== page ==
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Oakland, Calif. spars in court with Washington over medical pot

By Ronnie Cohen

SAN FRANCISCO (Reuters) - The city of Oakland, engaged in a heated battle with federal authorities over the fate of a large medical marijuana dispensary, argued in court on Thursday that Washington was ignoring science by cracking down on medical pot.

The city, in a novel lawsuit seeking to block U.S. Officials from forcing the dispensary to close, says the federal government's own scientists have found medical benefits for pot and have secured a U.S. patent for use of the drug, even as prosecutors have targeted medical cannabis dispensaries.

"In the (federal) government's world, there is no science," Cedric Chao, who represents Oakland in the case pro bono, told the judge on Thursday.

The legal fight before U.S. Magistrate Judge Maria-Elena James centers on Harborside Health Center, an Oakland outfit that bills itself as the world's largest medical marijuana dispensary and was featured in the Discovery Channel television series "Weed Wars."

The legal tussle comes amid a growing federal-state battle over marijuana that intensified when states in the U.S. West and Northeast liberalized medical pot laws in recent years, setting the stage for voters in Colorado and Washington in November to approve legalizing recreational use of the drug as well.

The federal government, which holds that medical marijuana is illegal and that the drug is liable to be abused, in July initiated civil forfeiture actions against landlords of Harborside for the center's two properties, in an effort to force the operation to close.

Oakland's lawsuit, filed in October, seeks an injunction to halt federal prosecutors' efforts to shutter Harborside, which will generate an estimated $1.4 million in sales tax revenues for the city this year. It has been rare for any municipality to challenge the federal government over crackdowns on medical pot.

FEDS VS FEDS?

Chao criticized the federal government's classification of marijuana as an illegal drug without medicinal value.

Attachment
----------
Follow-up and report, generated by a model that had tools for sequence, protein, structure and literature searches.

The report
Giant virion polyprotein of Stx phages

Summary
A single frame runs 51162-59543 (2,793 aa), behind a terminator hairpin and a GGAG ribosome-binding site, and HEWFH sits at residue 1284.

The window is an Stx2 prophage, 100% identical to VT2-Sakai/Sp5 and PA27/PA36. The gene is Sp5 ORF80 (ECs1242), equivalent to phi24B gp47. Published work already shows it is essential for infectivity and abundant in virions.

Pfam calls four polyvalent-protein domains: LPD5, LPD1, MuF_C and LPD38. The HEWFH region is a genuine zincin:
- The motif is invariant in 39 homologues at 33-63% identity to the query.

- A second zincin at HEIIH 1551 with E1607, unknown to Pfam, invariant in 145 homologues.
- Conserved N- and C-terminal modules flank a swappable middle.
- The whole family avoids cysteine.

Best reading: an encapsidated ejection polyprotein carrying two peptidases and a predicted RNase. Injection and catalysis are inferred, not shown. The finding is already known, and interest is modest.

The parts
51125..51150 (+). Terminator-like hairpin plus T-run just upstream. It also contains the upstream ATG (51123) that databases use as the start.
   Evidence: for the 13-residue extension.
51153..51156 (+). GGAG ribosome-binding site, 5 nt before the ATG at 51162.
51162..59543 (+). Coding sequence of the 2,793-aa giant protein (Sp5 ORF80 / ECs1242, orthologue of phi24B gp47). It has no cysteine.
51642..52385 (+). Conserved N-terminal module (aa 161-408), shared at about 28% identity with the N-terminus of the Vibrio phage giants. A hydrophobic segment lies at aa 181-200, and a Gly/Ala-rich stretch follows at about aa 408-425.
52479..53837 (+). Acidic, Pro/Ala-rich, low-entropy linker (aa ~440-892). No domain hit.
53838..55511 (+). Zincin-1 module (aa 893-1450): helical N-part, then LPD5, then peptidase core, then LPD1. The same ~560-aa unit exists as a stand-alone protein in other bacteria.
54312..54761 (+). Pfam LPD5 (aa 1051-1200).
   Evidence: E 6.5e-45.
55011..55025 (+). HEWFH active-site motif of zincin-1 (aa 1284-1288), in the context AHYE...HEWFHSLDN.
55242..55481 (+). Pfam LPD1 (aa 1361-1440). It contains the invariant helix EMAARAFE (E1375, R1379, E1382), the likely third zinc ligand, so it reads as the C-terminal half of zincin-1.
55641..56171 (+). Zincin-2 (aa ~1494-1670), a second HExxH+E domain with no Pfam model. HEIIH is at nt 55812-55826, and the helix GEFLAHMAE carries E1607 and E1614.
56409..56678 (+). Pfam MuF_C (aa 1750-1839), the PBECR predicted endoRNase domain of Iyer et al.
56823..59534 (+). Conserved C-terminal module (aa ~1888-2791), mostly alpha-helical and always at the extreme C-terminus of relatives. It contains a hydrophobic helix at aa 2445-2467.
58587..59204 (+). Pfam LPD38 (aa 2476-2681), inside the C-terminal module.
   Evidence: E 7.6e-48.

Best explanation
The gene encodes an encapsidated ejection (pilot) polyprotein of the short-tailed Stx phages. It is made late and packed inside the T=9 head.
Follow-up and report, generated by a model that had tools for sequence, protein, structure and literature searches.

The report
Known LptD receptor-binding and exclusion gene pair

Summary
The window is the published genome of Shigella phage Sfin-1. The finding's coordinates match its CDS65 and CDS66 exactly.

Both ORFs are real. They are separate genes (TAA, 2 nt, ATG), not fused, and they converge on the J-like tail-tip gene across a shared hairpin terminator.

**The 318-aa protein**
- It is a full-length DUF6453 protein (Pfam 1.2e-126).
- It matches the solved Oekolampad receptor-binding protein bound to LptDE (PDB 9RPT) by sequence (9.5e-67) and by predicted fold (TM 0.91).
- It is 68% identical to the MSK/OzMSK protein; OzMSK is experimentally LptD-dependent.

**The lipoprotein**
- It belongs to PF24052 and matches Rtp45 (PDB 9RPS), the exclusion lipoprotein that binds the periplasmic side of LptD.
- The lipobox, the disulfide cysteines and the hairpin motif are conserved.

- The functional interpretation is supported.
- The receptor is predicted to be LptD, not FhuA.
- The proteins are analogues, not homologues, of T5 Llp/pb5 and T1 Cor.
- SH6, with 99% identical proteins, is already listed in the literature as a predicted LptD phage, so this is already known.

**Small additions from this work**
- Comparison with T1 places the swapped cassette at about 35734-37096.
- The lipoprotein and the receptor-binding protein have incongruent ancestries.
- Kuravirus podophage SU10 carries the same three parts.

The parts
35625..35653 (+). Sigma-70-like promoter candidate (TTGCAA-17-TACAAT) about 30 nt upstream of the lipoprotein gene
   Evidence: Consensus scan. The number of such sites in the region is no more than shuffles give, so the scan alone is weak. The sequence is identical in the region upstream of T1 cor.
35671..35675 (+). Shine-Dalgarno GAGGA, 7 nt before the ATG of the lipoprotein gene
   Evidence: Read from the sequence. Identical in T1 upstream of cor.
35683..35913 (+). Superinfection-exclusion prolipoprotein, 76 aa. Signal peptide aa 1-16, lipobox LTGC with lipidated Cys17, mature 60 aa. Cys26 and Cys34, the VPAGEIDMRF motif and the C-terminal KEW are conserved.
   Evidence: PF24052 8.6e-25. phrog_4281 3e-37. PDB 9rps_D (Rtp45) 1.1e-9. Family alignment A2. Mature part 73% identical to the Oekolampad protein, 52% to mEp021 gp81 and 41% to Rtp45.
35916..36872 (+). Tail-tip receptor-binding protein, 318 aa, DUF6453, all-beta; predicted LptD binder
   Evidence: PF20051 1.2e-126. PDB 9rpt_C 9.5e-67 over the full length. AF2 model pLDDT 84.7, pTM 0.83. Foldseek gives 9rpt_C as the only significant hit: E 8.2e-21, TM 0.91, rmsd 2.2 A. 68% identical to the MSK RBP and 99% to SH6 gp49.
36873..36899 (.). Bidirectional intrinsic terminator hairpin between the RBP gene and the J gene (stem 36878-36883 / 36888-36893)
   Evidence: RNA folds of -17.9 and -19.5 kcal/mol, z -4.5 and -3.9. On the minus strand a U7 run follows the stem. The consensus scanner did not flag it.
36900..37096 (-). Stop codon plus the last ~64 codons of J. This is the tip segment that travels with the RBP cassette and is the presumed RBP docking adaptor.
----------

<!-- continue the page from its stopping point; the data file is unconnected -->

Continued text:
In court papers filed earlier this month, he cited a 2003 cannabis-related patent obtained by the federal government. He argued the government's own scientists "continuously discover new benefits" for medical pot and that it has "sought exclusive ownership rights to cannabis compounds."

That calls into question the government's efforts to bar groups such as Harborside from selling the drug, he said.

But Special Assistant U.S. Attorney Arvon Perteet argued that federal law takes precedence over the state's 1996 voter-approved measure allowing medical marijuana, and that the federal government is within its authority to target Harborside.

"They can sell popcorn there, candy," Perteet told the judge. "They cannot use the property for any illegal purposes."

Judge James promised to decide as "quickly as possible" whether to allow Harborside to continue to operate while she considers Oakland's challenge to the federal crackdown. The operation says it has 100,000 patients.

Eighteen states, including California and the District of Columbia allow medical marijuana.

In response to Colorado and Washington state's moves to legalize recreational use of the drug, President Barack Obama last week told ABC News that federal authorities have more important priorities than targeting recreational marijuana users in those two states, given limited federal resources.

(Editing By Alex Dobuzinskis; editing by Todd Eastham)

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